1 Corinthians 13:5, “It does not dishonor others, it is not self-seeking, it is not easily angered, it keeps no record of wrongs.”
The problem with self-assessment is most people would rather point out someone else’s faults instead of their own. When we look at verse 5 and see the checklist characteristics of love, can we mark them off? Love isn’t rude, love isn’t selfish, and love is not resentful. Do you feel like sometimes you keep a list of the tasks you have done for others all day? Do you get bitter? Maybe you feel like you have been mistreated or owed something.
Do you know we can love someone like Jesus? We can actually choose to love well, even when we don’t feel like it. 1 Corinthians 13 sets a high standard, but the Holy Spirit equips us. The Holy Spirit enables us to live unselfishly. Wall Street Journal essayist Merrill Markoe calls the world we live in a “renaissance of rudeness”; rudeness is rooted in selfishness. Our world communicates to everyone, “it is all about me”; Jesus says, “don’t be selfish”. We are in the business of reconciliation, not rudeness. We are in the business of sanctification, not satisfaction.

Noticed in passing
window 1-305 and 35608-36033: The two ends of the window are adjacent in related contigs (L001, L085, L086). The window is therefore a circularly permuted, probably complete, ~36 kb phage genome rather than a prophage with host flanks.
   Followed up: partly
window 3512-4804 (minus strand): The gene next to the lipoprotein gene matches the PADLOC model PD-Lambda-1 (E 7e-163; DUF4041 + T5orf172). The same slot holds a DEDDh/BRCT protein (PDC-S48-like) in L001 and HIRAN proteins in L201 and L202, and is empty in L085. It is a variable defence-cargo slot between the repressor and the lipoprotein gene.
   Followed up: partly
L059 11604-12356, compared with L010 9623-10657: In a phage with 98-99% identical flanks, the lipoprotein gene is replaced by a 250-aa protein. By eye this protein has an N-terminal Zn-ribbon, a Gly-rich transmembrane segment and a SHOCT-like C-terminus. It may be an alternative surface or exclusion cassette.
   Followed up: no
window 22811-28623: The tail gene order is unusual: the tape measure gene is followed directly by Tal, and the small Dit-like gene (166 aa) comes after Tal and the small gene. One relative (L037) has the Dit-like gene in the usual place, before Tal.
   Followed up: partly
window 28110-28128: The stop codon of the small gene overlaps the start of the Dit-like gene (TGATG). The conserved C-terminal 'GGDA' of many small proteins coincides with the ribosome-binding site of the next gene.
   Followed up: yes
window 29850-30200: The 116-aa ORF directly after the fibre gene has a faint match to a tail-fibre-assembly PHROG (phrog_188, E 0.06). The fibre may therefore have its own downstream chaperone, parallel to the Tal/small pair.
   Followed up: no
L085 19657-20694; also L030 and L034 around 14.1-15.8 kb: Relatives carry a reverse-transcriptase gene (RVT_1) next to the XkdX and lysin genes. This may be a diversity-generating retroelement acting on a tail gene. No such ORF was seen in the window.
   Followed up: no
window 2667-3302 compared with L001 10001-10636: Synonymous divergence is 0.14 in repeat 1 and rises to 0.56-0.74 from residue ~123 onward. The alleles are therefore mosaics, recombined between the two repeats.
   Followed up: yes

Love doesn’t lose its temper. Today practice unselfish love. Love sees the potential, so today, speak life into someone you may otherwise want to avoid. Love expunges a rude soul.
Father, thank You for the courage to live out Your love. Open my heart and eyes to ways I can show Your love to others. Give me a true love for others so that I can honor them. Amen.